stage entrances and of the cast and crew dining on Sally Amato's ziti
and meatballs post-performance. Props and sets are creaky, rickety,
and have been lovingly used and re-used. The singers, mostly young
up-and-comers, sing with a passion and a sense of fun that isn't out
of place in a school play. There's a real love for the music here that
is felt on all fronts. The performances have a similarly amateur vibe
to them, but you watch the performance with an excitement, a
connection to the company. The audience is just as cozy as the singers
onstage, reinforcing the feeling that you're with family as opposed to
professional opera singers. While Sally has since passed on, Tony is
still the executive director of a company that not only overcomes the
challenges of space, technology (no supertitles here), and funding, it
thrives off them. And once you walk into the theatre, the energy and
charm is as catchy as the tunes.
Another great Italian place in the Heights (that's Morningside, not
Washington) is Pisticci on 125 La Salle Street (corner of La Salle and
Claremont Avenue, a few blocks south of the 125th Street 1 station). I
know what you're thinking—there are probably enough Italian
restaurants in New York for every Connie Francis-listening,
Sopranos-quoting kid who grew up watching Moonstruck and dodging their
madre's wooden spoon. And a good percentage of them are all good. But
there's something very special about Pisticci that keeps me going back
there with friends for intimate weekend dinners (even though I've long
since moved out of Morningside Heights).
Pisticci's claim to fame is that it starts from scratch every day.
Their pastas are freshly hand-made each morning, once a week they get
olives and mozzarella di buffala flown in from Napoli, and their
desserts are done from scratch. The fun doesn't stop there, with
delicious salads (including one with stuffed figs that's out of this
world), drool-worthy mussels, amazing daily specials, and a wine list
to make even Bacchus beam. Naturally, with such a menu (and enough
word of mouth buzz to fill Madison Square Garden), seating here is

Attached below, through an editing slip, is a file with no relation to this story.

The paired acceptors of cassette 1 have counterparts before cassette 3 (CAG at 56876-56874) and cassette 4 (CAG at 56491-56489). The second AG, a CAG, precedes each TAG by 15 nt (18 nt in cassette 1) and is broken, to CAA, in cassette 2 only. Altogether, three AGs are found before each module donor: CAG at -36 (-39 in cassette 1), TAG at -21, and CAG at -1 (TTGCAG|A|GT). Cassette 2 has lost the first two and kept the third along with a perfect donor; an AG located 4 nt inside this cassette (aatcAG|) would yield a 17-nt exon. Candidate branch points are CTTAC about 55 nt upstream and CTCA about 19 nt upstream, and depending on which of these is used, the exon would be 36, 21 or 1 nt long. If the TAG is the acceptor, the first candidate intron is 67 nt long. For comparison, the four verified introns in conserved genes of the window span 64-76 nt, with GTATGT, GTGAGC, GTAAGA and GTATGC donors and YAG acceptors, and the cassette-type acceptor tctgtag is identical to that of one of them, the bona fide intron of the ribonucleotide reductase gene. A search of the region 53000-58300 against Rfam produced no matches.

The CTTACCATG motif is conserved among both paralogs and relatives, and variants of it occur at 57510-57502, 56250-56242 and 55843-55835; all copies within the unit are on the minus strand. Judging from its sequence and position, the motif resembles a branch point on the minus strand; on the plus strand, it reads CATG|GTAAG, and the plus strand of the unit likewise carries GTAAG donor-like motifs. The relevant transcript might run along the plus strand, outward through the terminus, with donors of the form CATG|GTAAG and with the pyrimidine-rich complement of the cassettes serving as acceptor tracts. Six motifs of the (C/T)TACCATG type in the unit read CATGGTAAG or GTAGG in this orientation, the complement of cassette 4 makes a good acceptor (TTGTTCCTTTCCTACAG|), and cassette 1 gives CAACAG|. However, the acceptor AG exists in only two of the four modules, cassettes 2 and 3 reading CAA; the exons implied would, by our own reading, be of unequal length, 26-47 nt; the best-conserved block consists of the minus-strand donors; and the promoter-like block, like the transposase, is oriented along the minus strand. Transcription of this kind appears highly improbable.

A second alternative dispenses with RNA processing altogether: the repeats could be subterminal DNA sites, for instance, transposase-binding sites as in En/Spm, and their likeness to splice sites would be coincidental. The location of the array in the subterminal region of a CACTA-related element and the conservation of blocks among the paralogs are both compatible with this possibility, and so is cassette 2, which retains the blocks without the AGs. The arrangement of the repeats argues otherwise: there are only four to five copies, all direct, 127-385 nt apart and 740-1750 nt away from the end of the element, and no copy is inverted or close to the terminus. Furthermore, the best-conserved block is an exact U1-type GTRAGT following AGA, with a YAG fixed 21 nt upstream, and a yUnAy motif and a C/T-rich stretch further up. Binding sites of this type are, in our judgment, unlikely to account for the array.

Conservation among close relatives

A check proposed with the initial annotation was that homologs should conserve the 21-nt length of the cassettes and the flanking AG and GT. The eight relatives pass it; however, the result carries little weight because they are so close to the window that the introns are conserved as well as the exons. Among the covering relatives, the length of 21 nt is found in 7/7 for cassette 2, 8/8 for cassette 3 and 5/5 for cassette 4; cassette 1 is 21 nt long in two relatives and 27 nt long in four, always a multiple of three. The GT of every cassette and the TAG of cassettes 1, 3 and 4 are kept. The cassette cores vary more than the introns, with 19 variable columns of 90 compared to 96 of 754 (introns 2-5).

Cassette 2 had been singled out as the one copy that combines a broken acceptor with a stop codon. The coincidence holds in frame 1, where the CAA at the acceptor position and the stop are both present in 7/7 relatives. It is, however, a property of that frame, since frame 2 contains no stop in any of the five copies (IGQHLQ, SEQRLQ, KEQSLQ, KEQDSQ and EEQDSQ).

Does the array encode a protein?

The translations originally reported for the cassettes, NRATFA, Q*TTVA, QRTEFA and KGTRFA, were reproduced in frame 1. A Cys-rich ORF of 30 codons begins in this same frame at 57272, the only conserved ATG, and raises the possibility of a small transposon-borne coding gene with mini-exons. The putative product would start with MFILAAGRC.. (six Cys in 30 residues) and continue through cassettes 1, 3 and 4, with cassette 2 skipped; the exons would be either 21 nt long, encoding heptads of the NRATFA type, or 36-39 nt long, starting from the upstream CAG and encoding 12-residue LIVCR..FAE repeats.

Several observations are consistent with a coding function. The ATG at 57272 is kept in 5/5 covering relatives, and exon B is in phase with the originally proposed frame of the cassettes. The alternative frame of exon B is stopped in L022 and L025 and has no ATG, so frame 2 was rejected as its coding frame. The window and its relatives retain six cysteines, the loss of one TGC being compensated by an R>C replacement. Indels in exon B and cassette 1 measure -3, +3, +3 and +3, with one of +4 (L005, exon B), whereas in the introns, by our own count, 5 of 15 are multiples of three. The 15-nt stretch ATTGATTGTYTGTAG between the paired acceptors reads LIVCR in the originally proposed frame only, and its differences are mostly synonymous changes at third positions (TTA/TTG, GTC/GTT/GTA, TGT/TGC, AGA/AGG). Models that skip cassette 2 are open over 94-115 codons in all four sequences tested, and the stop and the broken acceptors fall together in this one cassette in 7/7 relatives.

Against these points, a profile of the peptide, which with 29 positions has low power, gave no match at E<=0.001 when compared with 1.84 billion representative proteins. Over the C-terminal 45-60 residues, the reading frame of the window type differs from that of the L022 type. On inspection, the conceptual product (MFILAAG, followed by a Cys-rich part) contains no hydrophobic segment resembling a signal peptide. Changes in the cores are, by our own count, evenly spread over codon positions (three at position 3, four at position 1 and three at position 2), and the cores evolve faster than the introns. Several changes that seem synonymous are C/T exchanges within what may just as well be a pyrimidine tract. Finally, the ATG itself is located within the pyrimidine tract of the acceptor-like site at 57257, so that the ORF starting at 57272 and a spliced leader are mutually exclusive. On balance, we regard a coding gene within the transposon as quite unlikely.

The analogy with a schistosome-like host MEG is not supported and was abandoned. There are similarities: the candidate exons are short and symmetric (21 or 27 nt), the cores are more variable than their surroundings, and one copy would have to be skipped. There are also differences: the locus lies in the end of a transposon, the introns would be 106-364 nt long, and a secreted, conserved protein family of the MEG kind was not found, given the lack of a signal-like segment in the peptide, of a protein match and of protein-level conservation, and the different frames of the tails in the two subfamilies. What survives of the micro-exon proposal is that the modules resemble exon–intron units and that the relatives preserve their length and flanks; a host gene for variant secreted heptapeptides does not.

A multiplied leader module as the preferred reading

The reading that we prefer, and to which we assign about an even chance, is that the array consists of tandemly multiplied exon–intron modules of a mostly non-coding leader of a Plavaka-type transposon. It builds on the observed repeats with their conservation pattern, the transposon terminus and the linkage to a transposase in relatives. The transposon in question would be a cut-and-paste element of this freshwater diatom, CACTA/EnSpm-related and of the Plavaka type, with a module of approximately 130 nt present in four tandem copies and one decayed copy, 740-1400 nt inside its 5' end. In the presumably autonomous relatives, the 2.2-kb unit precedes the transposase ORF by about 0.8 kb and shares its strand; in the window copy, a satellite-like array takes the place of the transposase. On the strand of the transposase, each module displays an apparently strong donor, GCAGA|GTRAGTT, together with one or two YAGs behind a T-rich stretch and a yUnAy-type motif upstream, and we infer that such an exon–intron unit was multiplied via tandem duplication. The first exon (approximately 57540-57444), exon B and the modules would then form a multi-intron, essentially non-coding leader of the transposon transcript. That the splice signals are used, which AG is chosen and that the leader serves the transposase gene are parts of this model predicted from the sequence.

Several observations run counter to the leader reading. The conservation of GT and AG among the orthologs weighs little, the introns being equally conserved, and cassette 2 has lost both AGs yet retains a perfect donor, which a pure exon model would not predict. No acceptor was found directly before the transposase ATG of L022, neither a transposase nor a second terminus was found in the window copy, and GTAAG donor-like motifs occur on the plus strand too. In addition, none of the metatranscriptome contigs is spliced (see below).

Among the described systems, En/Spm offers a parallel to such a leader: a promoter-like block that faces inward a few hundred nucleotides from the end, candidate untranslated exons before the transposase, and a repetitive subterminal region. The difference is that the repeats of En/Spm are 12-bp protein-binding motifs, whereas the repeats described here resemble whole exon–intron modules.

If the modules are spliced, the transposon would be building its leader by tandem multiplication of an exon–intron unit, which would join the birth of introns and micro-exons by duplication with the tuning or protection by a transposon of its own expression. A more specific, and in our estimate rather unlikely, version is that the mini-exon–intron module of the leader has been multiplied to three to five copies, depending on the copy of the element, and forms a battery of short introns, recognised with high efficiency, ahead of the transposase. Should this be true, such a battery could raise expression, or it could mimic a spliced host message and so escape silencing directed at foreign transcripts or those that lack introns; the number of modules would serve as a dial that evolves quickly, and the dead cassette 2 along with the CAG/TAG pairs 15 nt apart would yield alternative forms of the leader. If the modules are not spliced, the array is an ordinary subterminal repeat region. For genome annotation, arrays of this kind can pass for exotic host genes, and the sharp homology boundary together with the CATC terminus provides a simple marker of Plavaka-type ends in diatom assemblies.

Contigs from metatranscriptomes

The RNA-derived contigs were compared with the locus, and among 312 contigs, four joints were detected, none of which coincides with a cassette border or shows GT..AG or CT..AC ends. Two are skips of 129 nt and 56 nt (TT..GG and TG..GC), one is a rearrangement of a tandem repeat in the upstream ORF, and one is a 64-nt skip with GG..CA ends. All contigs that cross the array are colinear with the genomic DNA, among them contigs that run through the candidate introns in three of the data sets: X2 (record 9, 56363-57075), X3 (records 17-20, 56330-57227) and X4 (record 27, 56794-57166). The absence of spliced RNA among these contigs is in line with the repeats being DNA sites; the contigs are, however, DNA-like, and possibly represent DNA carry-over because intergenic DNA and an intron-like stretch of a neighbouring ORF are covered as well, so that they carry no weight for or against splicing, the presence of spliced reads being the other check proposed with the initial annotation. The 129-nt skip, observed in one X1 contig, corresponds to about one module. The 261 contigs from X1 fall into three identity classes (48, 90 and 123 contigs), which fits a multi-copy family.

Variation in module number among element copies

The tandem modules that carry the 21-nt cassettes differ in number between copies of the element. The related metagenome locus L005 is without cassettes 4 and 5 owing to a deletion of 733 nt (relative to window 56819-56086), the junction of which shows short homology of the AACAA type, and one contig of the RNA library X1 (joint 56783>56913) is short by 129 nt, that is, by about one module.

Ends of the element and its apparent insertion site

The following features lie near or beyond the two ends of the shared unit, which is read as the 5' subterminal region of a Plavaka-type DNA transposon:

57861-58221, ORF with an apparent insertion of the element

usually packed. Unlike other restaurants, however, the tight quarters
make you feel more of a regular, as one of the family, than as someone
who needs to eat up and get out for table turnover.
This is thanks to two parts: the restaurant's atmosphere and its
staff. The staff is mostly young, exuberant, and friendly. While there
may be a few shortcomings (especially during the really crowded
hours), they can't be faulted and will do everything in their power to
make you feel like you're at home. The décor helps exponentially in
this, with local artists getting exhibitions every three months and a
rustic ambiance that makes you feel like you're in a tiny grotto in an
Italian hilltown. During the warmer months, try to snag a table
outside. You'll still be able to enjoy the atmosphere (especially on
Sunday nights, which feature live jazz), and you'll also get to enjoy
one of the neglected areas of NYC.
You're likely to find some amazing Italian food in the right spots on
the Lower East Side--but where can those spots be? Start off at
Frankies Sputino, their 17 Clinton Street extension from what was
originally solely a Brooklyn affair. It's nestled on a block with not
a few Italian places worth checking out, but the dolce vita can be
guaranteed in this small and intimate joint with tin ceilings and
exposed brick. Grab a Peroni and mangia on a sweet sopresseta and
provolone panino, or their prosciutto and pecorino variety (although I
am a huge proponent of anything involving real pecorino). They have
some fun Italian American accents that wouldn't be out of place on the
set for Moonstruck, as well. Everyone swears by the cavatelli and the
pork briacole--and for $30 you can try both. Clinton near Stanton.
Indian Food in New York
Everyone says the best Indian places are the little holes-in-the-wall
that are on some backwards corner of Brooklyn or Jackson Heights.
While that's all well and good (and I can give you a list of those
places as well), my favorite Indian place--nay, Indian experience--is
at Haveli on East 9th Street. Deriving from the Indian term for
palace, Haveli is indeed a palatial spot in the East Village; a
two-tier restaurant filled with luxe golds, warm woods, and a
deliberately-cracked front window. Sit on the top tier if it's open
and get the royal treatment with keema naan, murga tikka muslam, daal,
and the free dessert ice cream the waiters will usually slide your way
with the check. Enjoy the papadoms as a starter with some Taj Mahal
lager, and let your cares drift away for an evening that rivals the
Darjeeling Limited (or any Merchant Ivory film for that matter) in
atmosphere. Tres fun on a Saturday night.
Ground Zero Museum Workshop
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NYC’s newest museum is a living memorial to the events that changed the city forever on September 11th, 2001. Paying full price at the entrance made me cringe (the entry fee is $25), but this is one of those places that you just have to see when visiting the city. The price includes a full 2-hour tour with a great guide who will explain the meaning of every little thing in the museum. I usually don’t like guided tours, but if you’re not familiar with happened on that day, the tour is a must. Full of photographs, items rescued from Ground Zero and 3D exhibits, it’s an emotional look into the near past.